# Complex numbers, de Moivre's theorem

I don't know how I should solve this question:

If $0<\theta<\pi/2$ and $z=(\sin\theta+i(1-\cos\theta))^2$ find in its simplest form $\arg z$

I know that using de Moivre's theorem I should multipy angle by two but there is $i(1-\cosθ)$ and I don't know if I should multipy only $\cos\theta$ which would give $i-i\cos2\theta$ ?

• Just because something is called $\theta$, it does not mean that it is the angle you are looking for. De Moivre's formula says that there is exactly a real number $\alpha\in[0,2\pi)$ such that $\frac{z}{\sqrt{ z\overline z}}=\cos\alpha+i\sin\alpha$. For such real number $\alpha$, it is true that $z^2=(z\overline z)\left(\cos(2\alpha)+i\sin(2\alpha)\right)$. Doing the aforementioned calcs, it might turn out that $\alpha$ has a non-trivial dependence on $\theta$.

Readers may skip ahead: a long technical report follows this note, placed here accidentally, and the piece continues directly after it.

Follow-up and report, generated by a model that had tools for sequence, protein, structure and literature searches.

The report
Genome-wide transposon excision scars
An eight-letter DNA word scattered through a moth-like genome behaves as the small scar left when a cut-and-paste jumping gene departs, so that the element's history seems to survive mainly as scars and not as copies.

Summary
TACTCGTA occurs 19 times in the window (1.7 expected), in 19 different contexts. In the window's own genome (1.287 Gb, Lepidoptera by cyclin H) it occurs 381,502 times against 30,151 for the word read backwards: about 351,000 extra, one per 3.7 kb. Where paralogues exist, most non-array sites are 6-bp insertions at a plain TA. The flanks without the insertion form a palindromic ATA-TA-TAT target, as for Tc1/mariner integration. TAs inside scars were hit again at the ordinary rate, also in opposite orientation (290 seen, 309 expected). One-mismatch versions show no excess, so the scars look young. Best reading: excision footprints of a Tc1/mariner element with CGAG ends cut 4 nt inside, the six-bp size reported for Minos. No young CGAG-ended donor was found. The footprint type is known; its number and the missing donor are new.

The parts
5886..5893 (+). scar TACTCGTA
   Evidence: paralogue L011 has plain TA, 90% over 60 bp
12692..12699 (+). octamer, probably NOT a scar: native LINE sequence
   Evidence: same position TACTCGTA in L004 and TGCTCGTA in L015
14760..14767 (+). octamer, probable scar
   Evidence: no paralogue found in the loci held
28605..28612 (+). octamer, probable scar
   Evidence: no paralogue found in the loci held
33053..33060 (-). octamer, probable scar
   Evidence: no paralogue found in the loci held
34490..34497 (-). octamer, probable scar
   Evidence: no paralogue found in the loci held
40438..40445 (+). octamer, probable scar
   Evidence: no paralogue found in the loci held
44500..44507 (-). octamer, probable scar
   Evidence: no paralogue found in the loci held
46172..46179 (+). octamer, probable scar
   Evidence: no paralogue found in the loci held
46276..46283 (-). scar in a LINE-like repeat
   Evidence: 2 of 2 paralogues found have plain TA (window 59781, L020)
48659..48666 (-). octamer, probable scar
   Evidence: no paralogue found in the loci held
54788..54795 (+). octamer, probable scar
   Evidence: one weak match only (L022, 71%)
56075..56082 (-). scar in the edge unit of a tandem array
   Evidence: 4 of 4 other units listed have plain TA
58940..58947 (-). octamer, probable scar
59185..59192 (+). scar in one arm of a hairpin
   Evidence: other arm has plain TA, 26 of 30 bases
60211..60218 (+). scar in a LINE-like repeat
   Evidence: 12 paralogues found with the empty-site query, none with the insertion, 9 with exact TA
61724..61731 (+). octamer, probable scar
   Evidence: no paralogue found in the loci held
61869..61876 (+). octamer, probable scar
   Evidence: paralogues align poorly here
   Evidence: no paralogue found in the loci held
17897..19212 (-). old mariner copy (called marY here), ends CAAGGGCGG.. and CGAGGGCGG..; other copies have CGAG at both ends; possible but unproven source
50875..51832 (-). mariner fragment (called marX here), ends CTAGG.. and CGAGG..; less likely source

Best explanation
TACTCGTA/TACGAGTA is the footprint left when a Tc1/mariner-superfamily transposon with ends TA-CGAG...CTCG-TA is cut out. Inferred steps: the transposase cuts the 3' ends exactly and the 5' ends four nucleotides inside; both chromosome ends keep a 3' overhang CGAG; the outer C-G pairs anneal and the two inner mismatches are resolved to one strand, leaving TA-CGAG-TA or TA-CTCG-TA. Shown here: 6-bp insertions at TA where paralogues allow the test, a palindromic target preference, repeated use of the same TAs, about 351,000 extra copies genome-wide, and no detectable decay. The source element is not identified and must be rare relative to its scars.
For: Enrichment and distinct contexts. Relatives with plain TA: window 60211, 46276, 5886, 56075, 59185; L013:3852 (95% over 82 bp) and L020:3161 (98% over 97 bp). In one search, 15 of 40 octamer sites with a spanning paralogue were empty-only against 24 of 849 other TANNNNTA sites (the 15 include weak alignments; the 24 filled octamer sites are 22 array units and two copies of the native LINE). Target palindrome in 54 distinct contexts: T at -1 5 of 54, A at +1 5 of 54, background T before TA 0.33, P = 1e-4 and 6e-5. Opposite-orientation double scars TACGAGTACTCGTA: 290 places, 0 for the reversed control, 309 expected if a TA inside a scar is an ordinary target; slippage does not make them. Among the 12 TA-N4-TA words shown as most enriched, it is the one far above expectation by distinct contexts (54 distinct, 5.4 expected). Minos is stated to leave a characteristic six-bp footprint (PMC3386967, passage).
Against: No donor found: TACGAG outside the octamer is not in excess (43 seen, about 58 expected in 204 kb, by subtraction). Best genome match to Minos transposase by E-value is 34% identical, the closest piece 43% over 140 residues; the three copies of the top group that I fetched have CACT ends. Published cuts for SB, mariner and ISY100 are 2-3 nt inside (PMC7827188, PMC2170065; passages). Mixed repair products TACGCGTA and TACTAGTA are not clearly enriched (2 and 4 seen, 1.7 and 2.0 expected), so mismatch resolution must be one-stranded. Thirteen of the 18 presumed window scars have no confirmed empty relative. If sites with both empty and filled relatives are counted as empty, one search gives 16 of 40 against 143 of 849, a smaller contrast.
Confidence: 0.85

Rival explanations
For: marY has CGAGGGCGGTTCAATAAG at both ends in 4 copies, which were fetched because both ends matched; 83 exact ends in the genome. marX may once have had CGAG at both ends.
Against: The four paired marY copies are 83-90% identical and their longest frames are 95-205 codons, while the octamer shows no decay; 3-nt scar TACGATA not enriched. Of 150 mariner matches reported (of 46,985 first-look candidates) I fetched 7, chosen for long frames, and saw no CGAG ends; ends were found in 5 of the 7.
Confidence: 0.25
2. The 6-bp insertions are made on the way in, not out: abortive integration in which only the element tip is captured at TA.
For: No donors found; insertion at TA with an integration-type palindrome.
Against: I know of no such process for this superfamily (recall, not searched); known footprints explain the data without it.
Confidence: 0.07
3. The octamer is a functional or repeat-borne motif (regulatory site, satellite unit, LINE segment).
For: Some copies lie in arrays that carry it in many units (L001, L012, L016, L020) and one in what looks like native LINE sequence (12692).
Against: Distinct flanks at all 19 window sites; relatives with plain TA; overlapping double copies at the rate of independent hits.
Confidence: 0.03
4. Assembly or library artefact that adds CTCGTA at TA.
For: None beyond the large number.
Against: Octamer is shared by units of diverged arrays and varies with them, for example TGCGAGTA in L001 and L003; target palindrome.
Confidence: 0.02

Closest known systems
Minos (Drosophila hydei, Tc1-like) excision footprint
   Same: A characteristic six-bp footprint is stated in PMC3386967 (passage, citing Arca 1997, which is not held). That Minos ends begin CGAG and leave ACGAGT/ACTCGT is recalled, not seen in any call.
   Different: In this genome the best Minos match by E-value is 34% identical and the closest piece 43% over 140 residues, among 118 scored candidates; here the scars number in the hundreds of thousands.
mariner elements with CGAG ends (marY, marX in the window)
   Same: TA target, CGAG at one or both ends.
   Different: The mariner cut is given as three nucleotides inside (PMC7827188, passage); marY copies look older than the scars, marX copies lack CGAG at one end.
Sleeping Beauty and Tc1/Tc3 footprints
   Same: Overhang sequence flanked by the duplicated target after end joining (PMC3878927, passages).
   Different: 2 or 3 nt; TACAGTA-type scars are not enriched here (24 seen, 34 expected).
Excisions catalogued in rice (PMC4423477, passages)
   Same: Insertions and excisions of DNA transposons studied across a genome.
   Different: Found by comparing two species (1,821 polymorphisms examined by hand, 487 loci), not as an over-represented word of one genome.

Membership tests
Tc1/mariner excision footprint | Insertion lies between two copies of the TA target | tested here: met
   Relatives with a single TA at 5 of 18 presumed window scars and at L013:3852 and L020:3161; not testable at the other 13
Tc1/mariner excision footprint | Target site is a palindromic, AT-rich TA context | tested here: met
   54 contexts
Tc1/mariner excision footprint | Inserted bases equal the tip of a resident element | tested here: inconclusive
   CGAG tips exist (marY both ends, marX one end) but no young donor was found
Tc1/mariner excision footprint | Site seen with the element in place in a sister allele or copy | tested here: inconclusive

– user228113
May 29 '17 at 17:05

$\arg z=\theta$.
• $2\sin\frac{\theta}{2}$ is a common factor. So we have $\displaystyle 2\sin\frac{\theta}{2}\cos\frac{\theta}{2}+i\left(2\sin^2\frac{\theta}{2}\right) =2\sin\frac{\theta}{2}\left(\cos\frac{\theta}{2}+i\sin\frac{\theta}{2}\right)$ May 29 '17 at 17:22